How much radioactive contamination is too much? The Colorado Oil and Gas Conservation Commission (COGCC) will wrestle with that question over the next few months as it sorts out whether to allow producers to explore the natural gas-prone area near the nuclear blast site at Project Rulison.

Using hypothetical drilling data, the U.S. Department of Energy (DOE) determined that a 95% chance exists of no contamination by the radioactive isotope tritium near Rulison’s drilling exclusion area. Drilling near the area, said DOE, would be “relatively safe” (see NGI, Sept. 24).

The DOE detonated a 40-kiloton nuclear bomb 8,426 feet underground in September 1969 outside Rulison and Battlement Mesa, which is about eight miles from Rifle, CO, in an attempt to free up commercially marketable quantities of natural gas, but the gas it produced proved to be too contaminated.

Tom Pauling, an environmental team leader for DOE’s Office of Legacy Management, reviewed the DOE data with the COGCC during an information session for the public. The DOE now prohibits drilling lower than 6,000 feet in a 40-acre area around the site. In addition, the COGCC requires a hearing for any gas wells proposed to be drilled within a half-mile of the site, and it notifies the DOE of wells to be drilled in a three-mile radius.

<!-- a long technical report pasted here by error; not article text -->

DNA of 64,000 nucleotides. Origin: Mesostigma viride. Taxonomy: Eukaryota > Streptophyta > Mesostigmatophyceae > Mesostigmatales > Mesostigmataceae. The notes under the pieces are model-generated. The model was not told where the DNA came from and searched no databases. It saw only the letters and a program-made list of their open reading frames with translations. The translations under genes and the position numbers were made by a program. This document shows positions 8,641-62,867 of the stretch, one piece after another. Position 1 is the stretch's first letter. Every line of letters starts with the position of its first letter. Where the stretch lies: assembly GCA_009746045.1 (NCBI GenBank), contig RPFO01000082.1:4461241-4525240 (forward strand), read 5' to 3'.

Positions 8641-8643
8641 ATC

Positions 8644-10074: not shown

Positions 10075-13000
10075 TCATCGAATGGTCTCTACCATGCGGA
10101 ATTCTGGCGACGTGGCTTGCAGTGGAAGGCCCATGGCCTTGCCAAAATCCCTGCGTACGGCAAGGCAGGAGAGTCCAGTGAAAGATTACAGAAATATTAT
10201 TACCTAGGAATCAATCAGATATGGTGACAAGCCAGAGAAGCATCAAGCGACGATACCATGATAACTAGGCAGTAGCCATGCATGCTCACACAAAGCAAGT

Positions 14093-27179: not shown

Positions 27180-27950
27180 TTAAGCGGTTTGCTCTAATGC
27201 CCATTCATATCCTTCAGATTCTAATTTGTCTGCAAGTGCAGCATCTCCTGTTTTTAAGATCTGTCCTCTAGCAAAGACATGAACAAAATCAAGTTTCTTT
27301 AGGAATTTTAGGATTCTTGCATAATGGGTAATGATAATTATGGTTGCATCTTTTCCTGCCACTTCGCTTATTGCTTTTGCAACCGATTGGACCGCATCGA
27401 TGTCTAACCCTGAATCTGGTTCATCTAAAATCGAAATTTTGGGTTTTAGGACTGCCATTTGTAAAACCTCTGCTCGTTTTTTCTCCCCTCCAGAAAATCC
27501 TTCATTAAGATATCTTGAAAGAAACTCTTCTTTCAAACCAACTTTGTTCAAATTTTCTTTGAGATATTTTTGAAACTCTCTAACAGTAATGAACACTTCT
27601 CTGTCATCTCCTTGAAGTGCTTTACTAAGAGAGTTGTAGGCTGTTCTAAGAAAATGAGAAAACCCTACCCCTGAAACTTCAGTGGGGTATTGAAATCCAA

The DOE has not made any new recommendations, but Pauling told commissioners the agency was “comfortable with [the current rules] going forward until we can come to a more definitive path forward.”

The DOE studied a hypothetical well site that would be about 258 meters west of the blast site. The federal agency conducted more than 500 different models before determining that in 95% of the cases, contamination of the well by the radioactive tritium isotope would not occur.

COGCC Chairman Harris Sherman said the commission plans to study the DOE data and review all of the scientific studies before making any decisions about whether additional drilling should be permitted.

“We really are trying to educate ourselves in a preliminary way about these issues,” said Sherman.

COGCC Director Brian Macke, who has authored a past COGCC report on Project Rulison, said the geological character of the underground formations, which consist of stacked sandstone “lenses” limits the possibility of nuclear contaminants reaching wells drilled in nearby areas. The lenses are estimated to be 300-400 feet across and in general are not connected, he noted.

Representatives from Noble Energy Corp., Williams and EnCana Oil & Gas (USA) also spoke at the hearing. Several producers are interested in pursuing gas exploration close to the restricted area.

“We are certain that we can operate in this area safely,” said Noble’s Michael Wozniak. He said Noble “first of all” wanted to “protect our workers and the people who are right there on site.” He recommended the COGCC review the history on the blast site, and he urged the COGCC to put its faith in government and industry scientists before drawing any conclusions.

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